This vote was on a Democratic amendment that would have required a controversial oil pipeline to be built using U.S. steel, and that oil products transported by the pipeline be sold only in the United States. Republicans argued that the amendment was designed to kill the proposed pipeline, while supporters said it would ensure the project was done right.
The Keystone XL pipeline would connect oilfields in Alberta, Canada, to markets in the United States. It was challenged by environmental groups worried about potential oil spills and the pipeline’s effect on greenhouse gas emissions. The international project, which required approval from the Obama Administration, became a hot political topic in 2011, leading President Obama to postpone a decision until 2013. However, Republicans successfully passed legislation in late 2011 requiring a quick decision on the project, and the White House responded by rejecting the application on the grounds that there was no longer time for a full assessment.
As Republicans in Congress looked for ways to override President Obama’s decision, Sen. Ron Wyden (D-OR), an opponent of the pipeline, introduced an amendment that would require the Obama Administration to evaluate the project as quickly as possible. However, it also stipulated that the oil transported using the pipeline – as well as the gasoline or other petroleum products made from the oil – could not be exported from the United States. In addition, Sen. Wyden’s amendment required that all steel, iron, and other raw materials used to build the pipeline must be American-made.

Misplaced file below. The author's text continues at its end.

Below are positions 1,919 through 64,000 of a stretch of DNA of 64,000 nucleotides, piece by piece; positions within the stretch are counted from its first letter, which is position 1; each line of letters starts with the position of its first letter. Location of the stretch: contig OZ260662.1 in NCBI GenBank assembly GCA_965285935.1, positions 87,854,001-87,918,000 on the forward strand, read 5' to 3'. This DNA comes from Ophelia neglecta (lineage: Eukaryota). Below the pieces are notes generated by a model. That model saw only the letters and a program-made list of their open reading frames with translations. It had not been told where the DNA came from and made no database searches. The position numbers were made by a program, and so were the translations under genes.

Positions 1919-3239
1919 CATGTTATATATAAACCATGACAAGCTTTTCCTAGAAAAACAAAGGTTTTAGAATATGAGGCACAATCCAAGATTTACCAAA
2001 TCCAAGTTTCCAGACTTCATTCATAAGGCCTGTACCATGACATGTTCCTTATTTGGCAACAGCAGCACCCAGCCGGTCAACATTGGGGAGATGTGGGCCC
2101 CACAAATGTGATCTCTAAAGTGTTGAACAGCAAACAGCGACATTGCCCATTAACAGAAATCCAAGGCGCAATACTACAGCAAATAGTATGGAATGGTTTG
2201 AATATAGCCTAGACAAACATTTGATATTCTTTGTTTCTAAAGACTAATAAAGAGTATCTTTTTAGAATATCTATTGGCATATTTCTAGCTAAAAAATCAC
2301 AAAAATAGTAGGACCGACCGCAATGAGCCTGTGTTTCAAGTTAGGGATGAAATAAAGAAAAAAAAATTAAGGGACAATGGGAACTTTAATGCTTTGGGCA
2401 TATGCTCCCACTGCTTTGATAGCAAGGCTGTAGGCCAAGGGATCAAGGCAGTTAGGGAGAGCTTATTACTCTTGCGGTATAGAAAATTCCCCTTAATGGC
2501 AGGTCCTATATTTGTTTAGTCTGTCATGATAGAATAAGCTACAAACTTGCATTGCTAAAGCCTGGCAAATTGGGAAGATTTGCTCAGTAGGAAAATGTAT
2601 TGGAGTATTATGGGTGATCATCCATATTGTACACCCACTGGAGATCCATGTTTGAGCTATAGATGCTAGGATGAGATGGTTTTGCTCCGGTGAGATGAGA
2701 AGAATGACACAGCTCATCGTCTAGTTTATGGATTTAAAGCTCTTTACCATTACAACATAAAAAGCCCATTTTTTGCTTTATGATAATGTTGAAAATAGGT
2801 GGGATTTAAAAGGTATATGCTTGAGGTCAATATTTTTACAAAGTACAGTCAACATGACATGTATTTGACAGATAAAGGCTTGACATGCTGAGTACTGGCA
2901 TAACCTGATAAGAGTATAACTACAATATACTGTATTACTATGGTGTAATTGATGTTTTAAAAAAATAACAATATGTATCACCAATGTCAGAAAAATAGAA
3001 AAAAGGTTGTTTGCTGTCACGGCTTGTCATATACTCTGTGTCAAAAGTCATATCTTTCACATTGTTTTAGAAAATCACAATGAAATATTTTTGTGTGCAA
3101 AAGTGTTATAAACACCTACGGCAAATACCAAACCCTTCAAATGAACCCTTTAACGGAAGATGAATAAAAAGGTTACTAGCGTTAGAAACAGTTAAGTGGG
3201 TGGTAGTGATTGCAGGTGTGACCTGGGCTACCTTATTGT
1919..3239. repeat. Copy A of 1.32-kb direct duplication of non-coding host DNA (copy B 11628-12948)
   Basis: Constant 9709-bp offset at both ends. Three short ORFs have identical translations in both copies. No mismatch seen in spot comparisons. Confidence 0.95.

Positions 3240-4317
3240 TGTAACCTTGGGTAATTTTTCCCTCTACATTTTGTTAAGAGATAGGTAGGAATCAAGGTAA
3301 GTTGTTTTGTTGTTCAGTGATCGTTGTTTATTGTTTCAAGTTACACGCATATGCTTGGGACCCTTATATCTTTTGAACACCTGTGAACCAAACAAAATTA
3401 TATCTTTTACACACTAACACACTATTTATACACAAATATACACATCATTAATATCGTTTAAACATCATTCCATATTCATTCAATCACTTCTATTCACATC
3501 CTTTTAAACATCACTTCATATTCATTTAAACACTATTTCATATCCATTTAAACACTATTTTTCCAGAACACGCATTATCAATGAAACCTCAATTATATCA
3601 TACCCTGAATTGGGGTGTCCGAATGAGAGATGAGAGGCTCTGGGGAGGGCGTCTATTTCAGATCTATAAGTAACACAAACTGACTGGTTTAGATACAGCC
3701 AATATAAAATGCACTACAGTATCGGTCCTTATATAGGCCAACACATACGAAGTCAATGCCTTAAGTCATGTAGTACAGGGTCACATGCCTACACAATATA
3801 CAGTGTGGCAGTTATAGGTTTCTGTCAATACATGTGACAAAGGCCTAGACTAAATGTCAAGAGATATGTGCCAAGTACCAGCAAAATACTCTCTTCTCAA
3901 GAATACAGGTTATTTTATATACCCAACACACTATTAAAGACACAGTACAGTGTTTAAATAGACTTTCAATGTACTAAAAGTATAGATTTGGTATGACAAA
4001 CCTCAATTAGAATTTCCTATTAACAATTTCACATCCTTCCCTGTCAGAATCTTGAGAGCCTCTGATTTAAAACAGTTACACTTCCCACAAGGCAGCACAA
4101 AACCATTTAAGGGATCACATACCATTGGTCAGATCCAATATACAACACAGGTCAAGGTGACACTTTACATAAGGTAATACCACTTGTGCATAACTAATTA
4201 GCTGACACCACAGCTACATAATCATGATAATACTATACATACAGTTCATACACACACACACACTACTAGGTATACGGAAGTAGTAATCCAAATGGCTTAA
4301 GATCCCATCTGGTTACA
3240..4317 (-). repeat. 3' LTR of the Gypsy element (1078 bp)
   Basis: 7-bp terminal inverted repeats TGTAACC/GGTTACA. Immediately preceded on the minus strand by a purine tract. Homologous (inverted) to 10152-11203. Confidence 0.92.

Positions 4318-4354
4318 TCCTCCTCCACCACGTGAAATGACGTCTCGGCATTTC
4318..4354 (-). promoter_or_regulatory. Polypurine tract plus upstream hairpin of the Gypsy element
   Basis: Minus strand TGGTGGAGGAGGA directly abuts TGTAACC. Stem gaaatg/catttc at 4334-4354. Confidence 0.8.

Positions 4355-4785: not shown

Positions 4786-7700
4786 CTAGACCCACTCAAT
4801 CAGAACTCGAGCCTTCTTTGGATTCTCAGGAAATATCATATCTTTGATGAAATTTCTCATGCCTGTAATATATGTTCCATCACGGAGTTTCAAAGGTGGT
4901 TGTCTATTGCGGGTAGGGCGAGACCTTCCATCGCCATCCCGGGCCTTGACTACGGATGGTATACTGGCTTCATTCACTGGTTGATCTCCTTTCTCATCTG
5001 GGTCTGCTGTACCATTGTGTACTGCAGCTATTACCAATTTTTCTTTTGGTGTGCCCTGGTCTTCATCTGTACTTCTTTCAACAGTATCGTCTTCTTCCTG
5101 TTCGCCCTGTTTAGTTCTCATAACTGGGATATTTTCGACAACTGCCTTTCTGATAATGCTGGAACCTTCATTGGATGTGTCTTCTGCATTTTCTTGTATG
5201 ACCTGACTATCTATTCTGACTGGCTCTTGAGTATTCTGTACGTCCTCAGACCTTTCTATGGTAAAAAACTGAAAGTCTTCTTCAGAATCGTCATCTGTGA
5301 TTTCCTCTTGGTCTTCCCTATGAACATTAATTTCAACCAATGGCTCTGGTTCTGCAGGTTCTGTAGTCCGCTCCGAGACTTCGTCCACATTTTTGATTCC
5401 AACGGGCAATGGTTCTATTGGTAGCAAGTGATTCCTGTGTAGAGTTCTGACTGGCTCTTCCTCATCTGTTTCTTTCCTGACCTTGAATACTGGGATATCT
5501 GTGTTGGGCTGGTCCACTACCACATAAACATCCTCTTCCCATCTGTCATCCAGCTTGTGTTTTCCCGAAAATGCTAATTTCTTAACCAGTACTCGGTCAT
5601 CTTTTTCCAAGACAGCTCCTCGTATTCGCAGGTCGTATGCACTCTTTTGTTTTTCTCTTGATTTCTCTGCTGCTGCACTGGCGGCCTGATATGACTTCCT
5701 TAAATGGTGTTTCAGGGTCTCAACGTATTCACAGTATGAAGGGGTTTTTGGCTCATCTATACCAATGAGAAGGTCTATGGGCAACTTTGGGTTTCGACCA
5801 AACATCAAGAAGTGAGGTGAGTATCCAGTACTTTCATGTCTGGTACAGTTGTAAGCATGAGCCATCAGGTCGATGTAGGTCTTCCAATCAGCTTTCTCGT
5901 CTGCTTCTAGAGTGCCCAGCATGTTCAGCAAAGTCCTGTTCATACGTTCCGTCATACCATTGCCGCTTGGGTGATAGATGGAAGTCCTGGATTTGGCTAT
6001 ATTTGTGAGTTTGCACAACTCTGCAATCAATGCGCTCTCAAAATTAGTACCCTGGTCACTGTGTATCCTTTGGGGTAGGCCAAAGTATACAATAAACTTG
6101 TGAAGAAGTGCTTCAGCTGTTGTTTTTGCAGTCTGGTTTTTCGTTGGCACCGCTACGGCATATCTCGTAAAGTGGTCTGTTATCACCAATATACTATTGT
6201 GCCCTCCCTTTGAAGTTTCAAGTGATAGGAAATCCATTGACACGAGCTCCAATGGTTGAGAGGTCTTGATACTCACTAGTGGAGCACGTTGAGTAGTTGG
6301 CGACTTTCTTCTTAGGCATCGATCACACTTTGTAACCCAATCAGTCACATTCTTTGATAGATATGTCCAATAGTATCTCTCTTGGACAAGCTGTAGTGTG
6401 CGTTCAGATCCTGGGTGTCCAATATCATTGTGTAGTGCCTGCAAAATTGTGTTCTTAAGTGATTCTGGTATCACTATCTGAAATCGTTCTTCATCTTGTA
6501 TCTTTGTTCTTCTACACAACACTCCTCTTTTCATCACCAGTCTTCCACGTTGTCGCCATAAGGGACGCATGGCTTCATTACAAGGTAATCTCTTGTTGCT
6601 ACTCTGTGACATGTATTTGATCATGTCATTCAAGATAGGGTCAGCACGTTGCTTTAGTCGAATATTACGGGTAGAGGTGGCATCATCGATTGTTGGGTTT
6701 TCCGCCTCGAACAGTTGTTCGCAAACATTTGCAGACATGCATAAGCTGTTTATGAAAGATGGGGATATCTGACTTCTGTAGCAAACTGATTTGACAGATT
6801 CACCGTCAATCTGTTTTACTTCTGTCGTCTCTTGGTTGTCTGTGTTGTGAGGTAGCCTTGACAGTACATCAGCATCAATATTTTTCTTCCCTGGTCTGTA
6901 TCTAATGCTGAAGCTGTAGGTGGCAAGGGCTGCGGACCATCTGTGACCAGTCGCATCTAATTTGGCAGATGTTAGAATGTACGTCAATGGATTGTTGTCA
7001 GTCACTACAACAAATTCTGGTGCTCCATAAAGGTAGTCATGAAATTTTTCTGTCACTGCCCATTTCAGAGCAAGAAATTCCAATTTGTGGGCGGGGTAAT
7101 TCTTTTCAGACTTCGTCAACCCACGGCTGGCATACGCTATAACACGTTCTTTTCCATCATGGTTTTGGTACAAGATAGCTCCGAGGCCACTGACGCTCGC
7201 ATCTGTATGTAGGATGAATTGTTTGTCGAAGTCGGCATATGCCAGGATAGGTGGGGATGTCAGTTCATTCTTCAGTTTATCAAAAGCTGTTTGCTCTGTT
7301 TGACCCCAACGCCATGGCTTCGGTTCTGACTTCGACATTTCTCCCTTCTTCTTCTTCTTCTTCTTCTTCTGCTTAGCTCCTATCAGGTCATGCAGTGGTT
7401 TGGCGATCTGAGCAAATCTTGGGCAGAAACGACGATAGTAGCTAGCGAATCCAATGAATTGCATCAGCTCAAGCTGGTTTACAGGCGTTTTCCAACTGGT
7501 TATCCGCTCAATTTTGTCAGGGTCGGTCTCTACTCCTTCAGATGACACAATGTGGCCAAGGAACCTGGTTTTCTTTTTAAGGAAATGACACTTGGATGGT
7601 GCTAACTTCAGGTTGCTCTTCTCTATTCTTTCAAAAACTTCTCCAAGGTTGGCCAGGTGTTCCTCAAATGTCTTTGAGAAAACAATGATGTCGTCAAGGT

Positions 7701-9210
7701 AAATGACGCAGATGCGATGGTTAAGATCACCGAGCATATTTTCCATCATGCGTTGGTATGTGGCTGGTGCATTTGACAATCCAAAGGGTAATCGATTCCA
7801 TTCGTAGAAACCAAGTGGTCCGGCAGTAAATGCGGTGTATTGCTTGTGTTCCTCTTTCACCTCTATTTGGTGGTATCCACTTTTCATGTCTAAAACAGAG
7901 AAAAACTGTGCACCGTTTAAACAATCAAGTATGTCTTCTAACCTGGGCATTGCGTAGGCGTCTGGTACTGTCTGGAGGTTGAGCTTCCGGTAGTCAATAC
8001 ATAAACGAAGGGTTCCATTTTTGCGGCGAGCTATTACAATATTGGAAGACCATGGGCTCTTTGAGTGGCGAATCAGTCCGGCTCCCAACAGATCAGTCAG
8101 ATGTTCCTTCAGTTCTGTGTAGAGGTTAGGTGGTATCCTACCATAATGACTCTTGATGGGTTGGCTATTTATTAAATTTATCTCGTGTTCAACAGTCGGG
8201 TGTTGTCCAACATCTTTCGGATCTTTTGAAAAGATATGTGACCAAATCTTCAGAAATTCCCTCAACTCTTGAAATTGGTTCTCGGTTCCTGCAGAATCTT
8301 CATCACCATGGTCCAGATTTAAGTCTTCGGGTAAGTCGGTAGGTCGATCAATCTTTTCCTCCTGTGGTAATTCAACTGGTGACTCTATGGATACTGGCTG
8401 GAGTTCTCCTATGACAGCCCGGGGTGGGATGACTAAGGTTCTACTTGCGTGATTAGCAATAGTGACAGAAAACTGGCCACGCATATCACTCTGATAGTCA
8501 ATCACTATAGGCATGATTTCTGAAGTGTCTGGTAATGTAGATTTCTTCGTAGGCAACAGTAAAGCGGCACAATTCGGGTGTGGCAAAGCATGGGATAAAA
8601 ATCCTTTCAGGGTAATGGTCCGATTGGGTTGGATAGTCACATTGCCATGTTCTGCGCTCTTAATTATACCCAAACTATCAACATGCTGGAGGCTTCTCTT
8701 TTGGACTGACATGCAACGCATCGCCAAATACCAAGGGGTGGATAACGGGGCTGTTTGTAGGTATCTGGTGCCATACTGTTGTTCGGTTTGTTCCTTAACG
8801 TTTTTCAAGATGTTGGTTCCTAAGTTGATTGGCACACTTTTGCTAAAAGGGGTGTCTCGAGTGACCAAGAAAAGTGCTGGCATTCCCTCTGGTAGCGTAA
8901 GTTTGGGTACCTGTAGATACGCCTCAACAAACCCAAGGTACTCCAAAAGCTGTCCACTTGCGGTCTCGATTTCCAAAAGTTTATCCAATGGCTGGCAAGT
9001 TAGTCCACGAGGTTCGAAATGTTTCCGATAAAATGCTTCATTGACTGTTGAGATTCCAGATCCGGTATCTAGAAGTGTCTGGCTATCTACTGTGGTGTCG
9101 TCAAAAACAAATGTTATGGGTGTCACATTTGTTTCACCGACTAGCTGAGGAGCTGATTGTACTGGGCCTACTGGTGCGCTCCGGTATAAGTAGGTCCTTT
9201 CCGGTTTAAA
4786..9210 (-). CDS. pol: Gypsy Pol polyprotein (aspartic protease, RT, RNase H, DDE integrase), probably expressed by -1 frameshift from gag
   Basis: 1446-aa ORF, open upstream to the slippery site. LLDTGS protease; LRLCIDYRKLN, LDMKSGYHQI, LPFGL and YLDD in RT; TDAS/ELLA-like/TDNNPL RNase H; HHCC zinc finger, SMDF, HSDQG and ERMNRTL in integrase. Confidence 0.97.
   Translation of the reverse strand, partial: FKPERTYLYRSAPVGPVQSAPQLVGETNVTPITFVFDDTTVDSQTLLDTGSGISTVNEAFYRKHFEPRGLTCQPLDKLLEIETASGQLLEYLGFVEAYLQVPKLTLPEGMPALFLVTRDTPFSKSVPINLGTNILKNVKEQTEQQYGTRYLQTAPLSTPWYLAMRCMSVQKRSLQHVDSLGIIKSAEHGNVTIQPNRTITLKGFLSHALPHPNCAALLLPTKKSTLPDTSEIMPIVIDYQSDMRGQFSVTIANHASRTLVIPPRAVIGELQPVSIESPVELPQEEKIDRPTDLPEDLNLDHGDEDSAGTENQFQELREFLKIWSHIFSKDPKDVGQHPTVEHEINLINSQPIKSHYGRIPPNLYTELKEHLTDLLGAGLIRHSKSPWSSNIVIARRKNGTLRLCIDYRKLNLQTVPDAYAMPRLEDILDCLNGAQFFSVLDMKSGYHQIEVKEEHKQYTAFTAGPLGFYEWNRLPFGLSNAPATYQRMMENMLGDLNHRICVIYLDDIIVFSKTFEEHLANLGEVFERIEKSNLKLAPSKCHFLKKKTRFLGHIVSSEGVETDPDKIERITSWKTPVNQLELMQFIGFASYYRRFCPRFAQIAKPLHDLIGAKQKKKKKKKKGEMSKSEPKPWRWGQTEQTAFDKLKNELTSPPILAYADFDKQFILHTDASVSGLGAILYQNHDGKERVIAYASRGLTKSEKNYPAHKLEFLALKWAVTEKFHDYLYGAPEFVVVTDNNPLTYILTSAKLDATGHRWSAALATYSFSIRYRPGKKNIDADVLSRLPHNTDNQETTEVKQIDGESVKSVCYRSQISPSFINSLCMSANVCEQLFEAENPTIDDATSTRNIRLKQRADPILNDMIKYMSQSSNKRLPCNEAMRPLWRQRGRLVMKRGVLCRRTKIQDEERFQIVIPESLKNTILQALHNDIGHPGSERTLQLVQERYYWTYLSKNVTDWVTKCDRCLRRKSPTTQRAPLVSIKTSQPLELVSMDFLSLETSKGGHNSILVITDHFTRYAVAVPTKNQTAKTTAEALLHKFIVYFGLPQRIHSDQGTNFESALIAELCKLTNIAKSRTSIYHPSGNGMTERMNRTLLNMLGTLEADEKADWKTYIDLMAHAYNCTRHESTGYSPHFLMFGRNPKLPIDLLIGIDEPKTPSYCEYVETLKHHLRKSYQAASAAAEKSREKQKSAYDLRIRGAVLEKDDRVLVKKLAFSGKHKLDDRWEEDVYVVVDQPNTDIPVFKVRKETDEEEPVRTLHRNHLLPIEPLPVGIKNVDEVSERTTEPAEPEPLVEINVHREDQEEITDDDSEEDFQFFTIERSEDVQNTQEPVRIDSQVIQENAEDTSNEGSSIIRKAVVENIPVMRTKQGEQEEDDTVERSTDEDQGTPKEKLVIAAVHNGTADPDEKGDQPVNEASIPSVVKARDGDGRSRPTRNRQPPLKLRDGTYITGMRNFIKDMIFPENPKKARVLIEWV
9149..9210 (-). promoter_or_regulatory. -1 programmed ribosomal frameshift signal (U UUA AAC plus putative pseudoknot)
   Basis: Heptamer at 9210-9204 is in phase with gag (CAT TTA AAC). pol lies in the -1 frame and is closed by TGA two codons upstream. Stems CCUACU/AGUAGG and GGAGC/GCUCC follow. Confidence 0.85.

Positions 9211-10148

“This amendment ensures that the Keystone Pipeline is built by American workers using American steel; that our priority is reasonably priced energy for American families and American businesses, rather than their Chinese competitors,” Sen. Wyden said. “Put simply, when you build a pipeline that is 2,000 miles across the nation, our challenge is to do it right.”
Sen. John Hoeven (D-ND), who had introduced a separate amendment simply overriding the President’s decision and allowing construction of the pipeline to move forward, argued that Sen. Wyden’s amendment was actually designed to kill the project. He argued that it would require TransCanada, the company proposing the pipeline, to start over, and that the additional requirements it imposes on the project amount to an “absurd level of protectionism.”
“Make no mistake: This not only requires the TransCanada start-over, it says start over after 3 1/2 years,” Sen. Hoeven said. “And it adds additional impediments to the project. With gasoline prices going up every day, we need more supply. We need it from Canada, we need it from North Dakota and Montana, not from the Middle East.”
Sen. Wyden’s amendment was defeated by a vote of 33-65. Voting “yea” were 33 Democrats, including a majority of progressives. Voting “nay” were 45 Republicans and 20 Democrats. As a result, Sen. Wyden’s effort to require that the Keystone XL pipeline be built using American-made products, and that petroleum products transported by the pipeline be sold only the United States, was defeated.